The mean age of the respondents was 53 years and 54% was female. Compared with the total group of testers, the respondents were older and more often female. The higher mean age of the respondents was due to overrepresentation of persons of 50-59 years and 60-69 years. Persons who ordered a self-test were older compared with the Dutch adult population. Relatively more tests were ordered by persons of 40-49 years, 50-59 years and 60-69 years old. The mean BMI of the respondents was 25.5 kg/m2, 32% was highly educated, 19% used medium to high amounts of alcohol and 14% of the respondents was a current smoker.
Self-reported results on the albuminuria self-test
Of the respondents, 56,885 (79.3%) reported a negative test result, 14,065 respondents reported a low-positive (19.6%) and 764 a high-positive test result (1.1%). In table 2 the percentage of participants with a positive test result are shown by age group and for persons with or without risk factors (diabetes mellitus and/or hypertension) at baseline. The percentage of respondents with a positive result decreased with increasing age. The highest proportion of high-positive testers was found in the age group 18-29 years old (3%; p < 0.001 compared with the other age groups) and the percentage of low-positive testers was highest in the age group 30-39 years old (32%; p < 0.001 compared with the age groups 40-49, 50-59, 60-69 and 70+ years old). The proportion of high-positive testers was highest in persons with diabetes mellitus (1.3%), but the proportion differed not statistically significant with persons with hypertension and persons without risk factors.
The number of GP visits and the number of newly detected diseases due to the screening program are shown in table 3. Only participants with a positive test result were recommended to visit a GP. Nevertheless, 0.5% of the participants with a negative test result also visited the GP and another 0.5% of them was planning to visit the GP later. Of the positive testers, 25% visited a GP after testing for albuminuria (25% and 33% of low-positive and high-positive testers, respectively) and 31% of the positive testers were planning to visit a GP at a later moment (31% and 27% of low-positive and high-positive testers, respectively).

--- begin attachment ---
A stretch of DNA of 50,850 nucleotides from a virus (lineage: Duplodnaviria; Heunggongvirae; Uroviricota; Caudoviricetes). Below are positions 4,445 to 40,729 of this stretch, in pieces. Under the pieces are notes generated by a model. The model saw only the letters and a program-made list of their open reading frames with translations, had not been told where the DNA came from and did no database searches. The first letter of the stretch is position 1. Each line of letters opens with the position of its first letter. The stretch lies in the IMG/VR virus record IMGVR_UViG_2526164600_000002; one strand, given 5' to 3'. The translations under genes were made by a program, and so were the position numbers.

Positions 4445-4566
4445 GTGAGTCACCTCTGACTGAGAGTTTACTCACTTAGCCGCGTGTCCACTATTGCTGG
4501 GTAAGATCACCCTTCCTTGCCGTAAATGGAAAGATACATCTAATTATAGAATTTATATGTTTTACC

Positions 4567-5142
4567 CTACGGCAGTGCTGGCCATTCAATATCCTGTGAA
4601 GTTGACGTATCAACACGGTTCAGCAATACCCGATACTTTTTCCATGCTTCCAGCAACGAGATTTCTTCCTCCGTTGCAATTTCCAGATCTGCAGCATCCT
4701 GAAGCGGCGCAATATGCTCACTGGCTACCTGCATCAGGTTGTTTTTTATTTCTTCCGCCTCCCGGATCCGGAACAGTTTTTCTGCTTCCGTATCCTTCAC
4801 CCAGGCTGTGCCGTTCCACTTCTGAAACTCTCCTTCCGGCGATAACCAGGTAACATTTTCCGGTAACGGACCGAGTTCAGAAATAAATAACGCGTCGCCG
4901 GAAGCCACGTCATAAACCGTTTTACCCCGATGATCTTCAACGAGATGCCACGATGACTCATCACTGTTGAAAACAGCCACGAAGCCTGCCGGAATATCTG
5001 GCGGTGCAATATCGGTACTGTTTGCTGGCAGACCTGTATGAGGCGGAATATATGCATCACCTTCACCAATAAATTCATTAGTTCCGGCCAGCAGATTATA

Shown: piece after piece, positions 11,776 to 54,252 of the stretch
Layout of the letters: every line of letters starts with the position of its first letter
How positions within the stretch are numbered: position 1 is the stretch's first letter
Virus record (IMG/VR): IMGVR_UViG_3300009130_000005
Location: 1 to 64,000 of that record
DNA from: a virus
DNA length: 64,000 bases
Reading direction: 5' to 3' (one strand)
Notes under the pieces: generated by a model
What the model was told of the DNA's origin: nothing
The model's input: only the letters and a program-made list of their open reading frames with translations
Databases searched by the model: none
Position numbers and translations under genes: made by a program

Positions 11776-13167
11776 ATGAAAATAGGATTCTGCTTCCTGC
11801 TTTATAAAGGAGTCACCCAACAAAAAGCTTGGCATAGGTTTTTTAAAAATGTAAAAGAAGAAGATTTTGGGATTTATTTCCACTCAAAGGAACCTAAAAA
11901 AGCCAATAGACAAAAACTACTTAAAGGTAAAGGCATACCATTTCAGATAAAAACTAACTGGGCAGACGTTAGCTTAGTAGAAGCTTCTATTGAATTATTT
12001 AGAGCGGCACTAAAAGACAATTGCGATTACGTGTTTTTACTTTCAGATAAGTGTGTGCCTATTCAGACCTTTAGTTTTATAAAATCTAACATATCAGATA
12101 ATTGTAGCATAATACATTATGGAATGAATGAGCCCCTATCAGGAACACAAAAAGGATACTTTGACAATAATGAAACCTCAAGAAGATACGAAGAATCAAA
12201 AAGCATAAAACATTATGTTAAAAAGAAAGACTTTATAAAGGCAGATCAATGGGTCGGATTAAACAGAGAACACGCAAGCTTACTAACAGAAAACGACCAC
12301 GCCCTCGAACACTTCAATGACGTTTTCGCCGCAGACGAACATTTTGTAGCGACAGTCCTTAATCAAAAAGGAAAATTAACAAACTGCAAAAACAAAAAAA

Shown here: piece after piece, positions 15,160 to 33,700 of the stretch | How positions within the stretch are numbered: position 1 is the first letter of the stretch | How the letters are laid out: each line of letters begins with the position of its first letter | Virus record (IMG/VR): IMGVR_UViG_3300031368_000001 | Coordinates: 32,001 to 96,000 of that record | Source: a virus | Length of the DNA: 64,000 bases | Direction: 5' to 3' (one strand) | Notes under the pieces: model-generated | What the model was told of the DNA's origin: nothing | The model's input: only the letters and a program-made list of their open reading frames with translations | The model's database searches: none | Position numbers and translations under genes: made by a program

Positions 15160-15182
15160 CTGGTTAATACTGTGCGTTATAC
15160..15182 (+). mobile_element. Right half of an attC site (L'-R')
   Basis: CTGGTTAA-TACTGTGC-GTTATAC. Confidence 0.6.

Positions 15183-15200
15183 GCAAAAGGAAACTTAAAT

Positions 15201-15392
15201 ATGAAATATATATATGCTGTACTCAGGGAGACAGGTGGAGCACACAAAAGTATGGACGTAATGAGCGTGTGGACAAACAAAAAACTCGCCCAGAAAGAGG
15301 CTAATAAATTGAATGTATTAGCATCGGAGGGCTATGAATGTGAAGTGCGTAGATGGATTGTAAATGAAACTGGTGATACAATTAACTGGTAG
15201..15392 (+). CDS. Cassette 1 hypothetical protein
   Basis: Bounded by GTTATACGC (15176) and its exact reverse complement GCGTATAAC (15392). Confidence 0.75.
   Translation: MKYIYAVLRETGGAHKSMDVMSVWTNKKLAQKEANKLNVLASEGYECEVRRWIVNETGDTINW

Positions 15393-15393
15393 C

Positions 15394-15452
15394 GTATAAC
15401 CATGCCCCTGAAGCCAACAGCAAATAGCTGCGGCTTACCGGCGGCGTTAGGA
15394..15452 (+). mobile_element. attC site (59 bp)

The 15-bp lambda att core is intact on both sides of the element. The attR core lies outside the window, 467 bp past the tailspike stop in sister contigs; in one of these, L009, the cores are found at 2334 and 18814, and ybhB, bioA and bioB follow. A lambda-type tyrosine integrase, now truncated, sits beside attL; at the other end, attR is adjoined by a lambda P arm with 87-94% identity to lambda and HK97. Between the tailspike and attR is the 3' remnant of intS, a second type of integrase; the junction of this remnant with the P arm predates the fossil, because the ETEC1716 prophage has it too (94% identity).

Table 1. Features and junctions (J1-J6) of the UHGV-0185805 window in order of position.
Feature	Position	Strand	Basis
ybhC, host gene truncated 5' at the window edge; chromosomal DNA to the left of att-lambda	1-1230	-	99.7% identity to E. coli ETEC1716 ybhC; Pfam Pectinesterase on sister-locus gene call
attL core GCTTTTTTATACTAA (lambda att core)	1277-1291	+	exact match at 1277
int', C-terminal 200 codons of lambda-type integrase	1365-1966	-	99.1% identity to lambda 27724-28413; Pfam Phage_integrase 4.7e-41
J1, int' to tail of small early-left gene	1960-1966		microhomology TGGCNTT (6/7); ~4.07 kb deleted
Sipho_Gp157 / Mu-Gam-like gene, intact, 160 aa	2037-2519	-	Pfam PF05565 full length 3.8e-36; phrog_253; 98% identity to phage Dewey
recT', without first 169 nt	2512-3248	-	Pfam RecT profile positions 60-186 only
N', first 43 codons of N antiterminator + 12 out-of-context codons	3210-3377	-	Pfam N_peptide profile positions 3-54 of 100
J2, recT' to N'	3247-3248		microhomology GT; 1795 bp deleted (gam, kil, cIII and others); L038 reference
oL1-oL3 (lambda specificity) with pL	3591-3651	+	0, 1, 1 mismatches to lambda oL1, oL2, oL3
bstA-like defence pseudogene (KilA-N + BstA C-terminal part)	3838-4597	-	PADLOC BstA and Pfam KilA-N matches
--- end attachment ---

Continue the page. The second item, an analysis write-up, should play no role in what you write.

In the group of 3,983 persons who visited a GP, 193 persons with a new disease were detected: 25 newly detected patients with a kidney disease, 152 newly detected hypertension patients and 31 newly detected diabetes mellitus patients. The percentage newly detected diseases was higher among the persons with a high-positive test result (10.4%) compared with the persons with a low-positive (4.6%) and a negative test result (2.8%) (p < 0.001).
During the first 30 days of the albuminuria screening program, 996,927 self-tests were ordered via the Internet. Of the testers who completed the questionnaire, 79% reported a negative test result, 20% reported a low-positive test result and 1% of the participants reported a high-positive test result. Of the positive testers, 25% visited a GP after testing for albuminuria and 31% of the positive testers were planning to visit a GP at a later moment. In the group of 3,983 persons who consulted a GP after applying the self-test, 193 persons with a newly detected disease were found: 25 cases of a kidney disease, 152 cases of hypertension and 31 cases of diabetes mellitus.
With the dipstick test used in this study it was possible to discriminate between four albumin concentrations (0, 30, 100 or 500 mg/l), which makes it difficult to distinguish between micro- and macroalbuminuria. Usually, microalbuminuria is defined as an urine albumin concentration between 20-200 mg/l and macroalbuminuria is defined as a concentration above 200 mg/l . This suggests that the group high-positive testers (> 100 mg/l) mainly includes persons with macroalbuminuria. This is supported by the fact that the percentage of high-positive testers in this study is comparable with the prevalence of macroalbuminuria in population-based studies. For example, Garg et al found a macroalbuminurie prevalence of 1.3% in the U.S. population  and the PREVEND study in the Netherlands found a prevalence of 0.6% in a population-based cohort . However, besides the high-positive testers, we also found an extremely high percentage respondents with a low-positive test result. It is likely that a part of the 20% low-positive test results are false positive. This may be caused by applying the test or reading the test results under the wrong conditions. Many people may have read the dipstick result in artificial light instead of day light, leading to misinterpretations. This hypothesis was tested by investigating the relation between the number of low-positive test results and darkness in the early morning hours. The percentage of low-positive testers appeared to be higher towards winter, as the days shortened (results not shown).